WE WERE EVERYWHERE EXCEPT WHERE WE ACTUALLY WERE PHYSICALLY

 

**********************

 

A LOSS OF ATTENTION

 

THE CREATIVE SERVICES OF HUGO dE VERTEUIL & IAN ROTHWELL

 

In 1964 Frank O’Hara knowingly declared, in relation to the production of new cultural material, that “the slightest loss of attention leads to death.” This stirring, over-powering rule was meant to refer to a need for focus in the production and criticism of art. As in the forever present use of the word ‘cool’ – a canon of vocabulary to which we can now add awesome, hot, sick, sweet, OMG - a blanketing language of acceptability has comfortably enveloped all cultural production. Focused criticism is unnecessary in a world in which the Google search provides the paranoiac user with a flat plane of imagery, rendering any poetics an absurd sales tactic. The power of Lulz - the life-force of the message-board troll - carries as much cultural and political value as traditional legitimating tropes such as market value, craftsmanship and vision.

 

Often it is supposed that this loss of rigour will result in some kind of premature death; the droll end foreseen by O’Hara. Its nascent symptoms are present today: Linda Stone’s recent research has investigated the sort of breath-holding associated with “email apnea” and its debilitating effects:

 

The body becomes acidic, the kidneys begin to re-absorb sodium, and as the oxygen (O2), carbon dioxide (CO2), and nitric oxide (NO) balance is undermined, our biochemistry is thrown off

 

In response to the physically and intellectually debilitating effects of online network culture Stone has recently referred to attention as our scarcest and most valuable resource. This acute awareness of attention or focus as a difficult, almost unattainable mode of working and being is defining the future direction of 21st century culture. We are living in a world of connectivity: Collective intelligence is valued over individual expression and opinion. The mainstream collective hubs - Youtube, Facebook, Tumblr – where mass numbers gather have become comforting video-game-fantasy spaces where opinion is not criticised and progressed but instead sublimated into pseudo-aggressive sociopathic battles. For example a perverse alternative social reality exists where it is accepted that any member of the social spectrum – president, milkman, plumber, diplomat or king - is likely to be posting sexual profanities on one of Rhianna’s Youtube messageboards or trying to make an evangelical Christian child cry by posting disingenuous homophobic insults on their Facebook profile page.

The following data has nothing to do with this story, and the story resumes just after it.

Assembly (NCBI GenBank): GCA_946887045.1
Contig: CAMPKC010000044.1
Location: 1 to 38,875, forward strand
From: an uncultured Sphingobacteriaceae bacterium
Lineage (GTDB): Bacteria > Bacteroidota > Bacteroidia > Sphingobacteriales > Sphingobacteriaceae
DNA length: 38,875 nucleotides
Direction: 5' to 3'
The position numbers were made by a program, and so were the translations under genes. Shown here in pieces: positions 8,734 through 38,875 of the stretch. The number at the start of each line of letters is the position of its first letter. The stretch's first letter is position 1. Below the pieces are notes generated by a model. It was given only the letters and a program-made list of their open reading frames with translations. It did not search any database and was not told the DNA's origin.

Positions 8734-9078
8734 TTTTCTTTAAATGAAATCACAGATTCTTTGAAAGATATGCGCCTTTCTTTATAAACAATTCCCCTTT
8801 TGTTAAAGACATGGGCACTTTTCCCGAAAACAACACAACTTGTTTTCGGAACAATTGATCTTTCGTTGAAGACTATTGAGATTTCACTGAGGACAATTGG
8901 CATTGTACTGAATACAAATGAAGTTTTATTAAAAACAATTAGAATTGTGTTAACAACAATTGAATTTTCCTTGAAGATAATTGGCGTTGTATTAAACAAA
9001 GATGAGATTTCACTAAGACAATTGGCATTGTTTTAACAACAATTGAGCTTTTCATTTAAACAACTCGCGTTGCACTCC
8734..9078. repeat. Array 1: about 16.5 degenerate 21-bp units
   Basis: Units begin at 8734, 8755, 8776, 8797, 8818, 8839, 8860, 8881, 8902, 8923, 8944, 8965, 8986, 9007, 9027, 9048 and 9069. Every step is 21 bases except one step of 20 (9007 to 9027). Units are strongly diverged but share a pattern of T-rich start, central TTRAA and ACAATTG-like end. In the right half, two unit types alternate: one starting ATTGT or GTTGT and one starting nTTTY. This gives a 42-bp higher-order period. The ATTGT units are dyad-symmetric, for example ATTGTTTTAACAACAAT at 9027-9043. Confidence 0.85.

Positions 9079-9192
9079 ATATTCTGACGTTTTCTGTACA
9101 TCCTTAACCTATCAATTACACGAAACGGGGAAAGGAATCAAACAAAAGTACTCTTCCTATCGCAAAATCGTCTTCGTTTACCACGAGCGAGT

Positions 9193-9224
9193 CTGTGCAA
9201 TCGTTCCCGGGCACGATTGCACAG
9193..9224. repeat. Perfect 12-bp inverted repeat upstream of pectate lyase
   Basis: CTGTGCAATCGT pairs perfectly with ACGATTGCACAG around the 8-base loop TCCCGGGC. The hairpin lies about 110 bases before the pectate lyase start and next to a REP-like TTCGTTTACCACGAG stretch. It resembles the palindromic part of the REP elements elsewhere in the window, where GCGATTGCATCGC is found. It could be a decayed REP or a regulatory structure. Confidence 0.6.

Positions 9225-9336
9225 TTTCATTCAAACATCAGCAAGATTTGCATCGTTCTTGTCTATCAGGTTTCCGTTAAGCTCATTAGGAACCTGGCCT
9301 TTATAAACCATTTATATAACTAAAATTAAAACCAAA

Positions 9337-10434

By way of illustration allow us to introduce Lori Drew: Drew’s anonymous emotional manipulation of a friend of her daughter on Myspace led to the girl’s suicide. She established a flirtatious relationship through a false Myspace profile assuming the identity of a 16 year old Josh Evans. Flirtation led to verbal abuse which inspired other online identities to gather and indulge in a sadistic game of brutal cruelty. After a 15 minute barrage of insults the girl committed suicide.